• Preciousgollum says:


      Aren’t the Ninja Turtles White-Green though?

      Is a green Teenage Mutant Ninja Turtle a ‘person of colour’?

      When Oroku Saki aka The Shredder is voiced by Black Man James Avery ‘Uncle Phil’ from Fresh Prince, and nobody notices, what does this all mean!?

      Does it do Asian representations an injustice via the fact that an Asian person was not hired for the role, or does it do the Black Man injustice by people not noticing?

      We could accept the theory that everyone currently on Earth could be traced back to a ‘Mitochondrial Eve’, who was probably a Black woman living in Africa, and that we are all technically biologically related to each other. As a result, are we not like brothers and sisters arguing about who’s drawings get to feature on the fridge that is media?

      Alternatively, I’d really like not to think about it too often, but my brothers and sisters of the Web keep reminding me about how they look that bit different to me, and how it matters. Yeah, I get it, you look different and wonder whether we have the same ‘daddy’ or not. If you are a man, then yes… Y chromosomial Adam… but then we could be brothers from different ‘mothers’.

      ‘Race’ is like a bogus shorthand for phenotyping, in which case, I don’t see many people with poor eyesight, a squint, streaks of grey hair and slight patches of vitiligo being repesented positively on TV… especially people with long hair and a beard. When are those people going to be properly represented on TV with all their natural or heroic glory?

      ‘Role-modeling’ is a euphemism for society keeping people nurtured by TV, In effort to forget the horror that large numbers of us live in a nature comprised of cities or suburbs… the likes of which are the trappings of a post-industrialised world. In parts of the world, the very air you breathe IS a poisonous fume. It is as if Tolkien was trying to say something… but what!?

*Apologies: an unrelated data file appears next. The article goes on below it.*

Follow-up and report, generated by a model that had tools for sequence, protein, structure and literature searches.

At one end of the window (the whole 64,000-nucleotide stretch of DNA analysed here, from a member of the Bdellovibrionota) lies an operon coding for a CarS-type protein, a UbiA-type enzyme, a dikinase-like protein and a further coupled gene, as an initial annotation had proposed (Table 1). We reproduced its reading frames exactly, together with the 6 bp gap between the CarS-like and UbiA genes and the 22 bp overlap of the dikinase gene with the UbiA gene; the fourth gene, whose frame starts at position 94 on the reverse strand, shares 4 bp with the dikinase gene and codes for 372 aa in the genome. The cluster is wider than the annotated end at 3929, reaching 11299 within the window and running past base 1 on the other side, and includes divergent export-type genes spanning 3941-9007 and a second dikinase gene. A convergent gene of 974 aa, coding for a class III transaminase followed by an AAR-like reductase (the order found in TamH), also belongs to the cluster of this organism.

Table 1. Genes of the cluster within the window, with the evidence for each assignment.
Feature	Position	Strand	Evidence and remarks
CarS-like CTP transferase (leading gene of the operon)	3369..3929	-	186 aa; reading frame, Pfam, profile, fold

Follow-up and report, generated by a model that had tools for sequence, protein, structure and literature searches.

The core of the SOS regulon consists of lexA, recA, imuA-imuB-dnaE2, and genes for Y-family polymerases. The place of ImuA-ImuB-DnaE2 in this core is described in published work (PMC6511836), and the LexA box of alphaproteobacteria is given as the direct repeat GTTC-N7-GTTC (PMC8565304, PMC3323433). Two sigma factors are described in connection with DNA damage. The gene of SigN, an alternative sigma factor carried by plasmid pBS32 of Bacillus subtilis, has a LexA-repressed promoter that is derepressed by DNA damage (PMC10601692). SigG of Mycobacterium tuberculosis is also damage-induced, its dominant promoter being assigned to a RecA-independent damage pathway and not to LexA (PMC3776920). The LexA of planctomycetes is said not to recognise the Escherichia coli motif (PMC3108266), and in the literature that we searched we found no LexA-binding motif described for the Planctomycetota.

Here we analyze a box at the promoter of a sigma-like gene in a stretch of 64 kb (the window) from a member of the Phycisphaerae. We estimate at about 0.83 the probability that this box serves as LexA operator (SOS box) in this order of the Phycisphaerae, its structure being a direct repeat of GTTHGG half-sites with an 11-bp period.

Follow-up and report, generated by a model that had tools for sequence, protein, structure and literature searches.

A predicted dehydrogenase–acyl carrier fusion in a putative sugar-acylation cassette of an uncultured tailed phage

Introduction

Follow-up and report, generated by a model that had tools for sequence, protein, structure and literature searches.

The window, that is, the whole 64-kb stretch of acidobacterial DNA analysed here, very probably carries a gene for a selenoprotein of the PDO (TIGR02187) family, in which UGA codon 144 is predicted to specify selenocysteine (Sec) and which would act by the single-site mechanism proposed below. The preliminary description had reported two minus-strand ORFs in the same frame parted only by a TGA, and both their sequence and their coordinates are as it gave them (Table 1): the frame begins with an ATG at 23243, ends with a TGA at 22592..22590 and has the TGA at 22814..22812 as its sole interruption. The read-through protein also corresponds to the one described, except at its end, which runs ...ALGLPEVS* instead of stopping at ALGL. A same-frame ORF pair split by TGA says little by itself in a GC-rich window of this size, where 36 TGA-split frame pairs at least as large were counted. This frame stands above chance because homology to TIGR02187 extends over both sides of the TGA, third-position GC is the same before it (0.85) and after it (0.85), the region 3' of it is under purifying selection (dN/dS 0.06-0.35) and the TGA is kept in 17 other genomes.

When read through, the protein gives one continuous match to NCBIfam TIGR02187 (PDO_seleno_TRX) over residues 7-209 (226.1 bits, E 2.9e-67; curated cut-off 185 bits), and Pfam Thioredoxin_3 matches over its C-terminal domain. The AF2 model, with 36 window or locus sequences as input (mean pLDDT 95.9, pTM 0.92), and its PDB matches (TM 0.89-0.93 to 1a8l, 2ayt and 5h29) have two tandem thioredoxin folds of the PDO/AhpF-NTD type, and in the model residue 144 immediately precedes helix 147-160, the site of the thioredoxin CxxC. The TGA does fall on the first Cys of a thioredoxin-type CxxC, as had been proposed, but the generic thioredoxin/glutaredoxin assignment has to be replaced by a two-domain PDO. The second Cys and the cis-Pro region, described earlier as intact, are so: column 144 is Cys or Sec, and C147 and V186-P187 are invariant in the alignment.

Eh, at least we can play as differently coloured characters.

      • fuggles says:

        As time went by Donatello became a darker green which was odd. I first noticed it on swimming Donatello….

        Shredder’s voice was awesome.

  31. KidWithKnife says:

    Great piece, I really dug it. Thanks for publishing something positive from the progressive end of things, I think too often we get caught up scolding people and don’t spend enough time appreciating when people get something right.

  32. Lawbringer says:

    As a white male, I often feel like diversity is shoehorned in clumsily and yet I feel self conscious about criticising it out of fear of being branded racist/sexist.

    This, on the other hand, sounds like just my cup of tea: you are able to enjoy it because you identify with the character more. I am able to enjoy it because his race is simply not an issue in the story – he simply is black, and that’s all there is to it. No forced diversity element that he has to prove he’s as good as everyone else. Just gets on with his own story.

    Nicely written, too. Thanks for allowing us a little glimpse into your world there.

  33. Ham Solo says:

    Why would anyone play this ripoff? They’re just trying to get a more progressive audience, to milk some more money out of people with their predatory monetization scheme.

  34. Yukisuna says:

    I’ve been sitting on the fence when it comes to the dlc in this game. I never get around to picking it up again because it’s such a commitment if you want to get anywhere.

    Your story is touching to read although i feel like i have no right to speak up on the topic due to my own skin colour. I never felt like the skin colour of the characters i play made any significant impact on the experience for me, but then again for all i know, as you point out, that may just be me getting brain washed by always seeing strong, white personalities on the screen.

    Either way i was already interested in Baranor’s story due to the roguelike death thing. I think this article is enough to have me take another look. Thanks!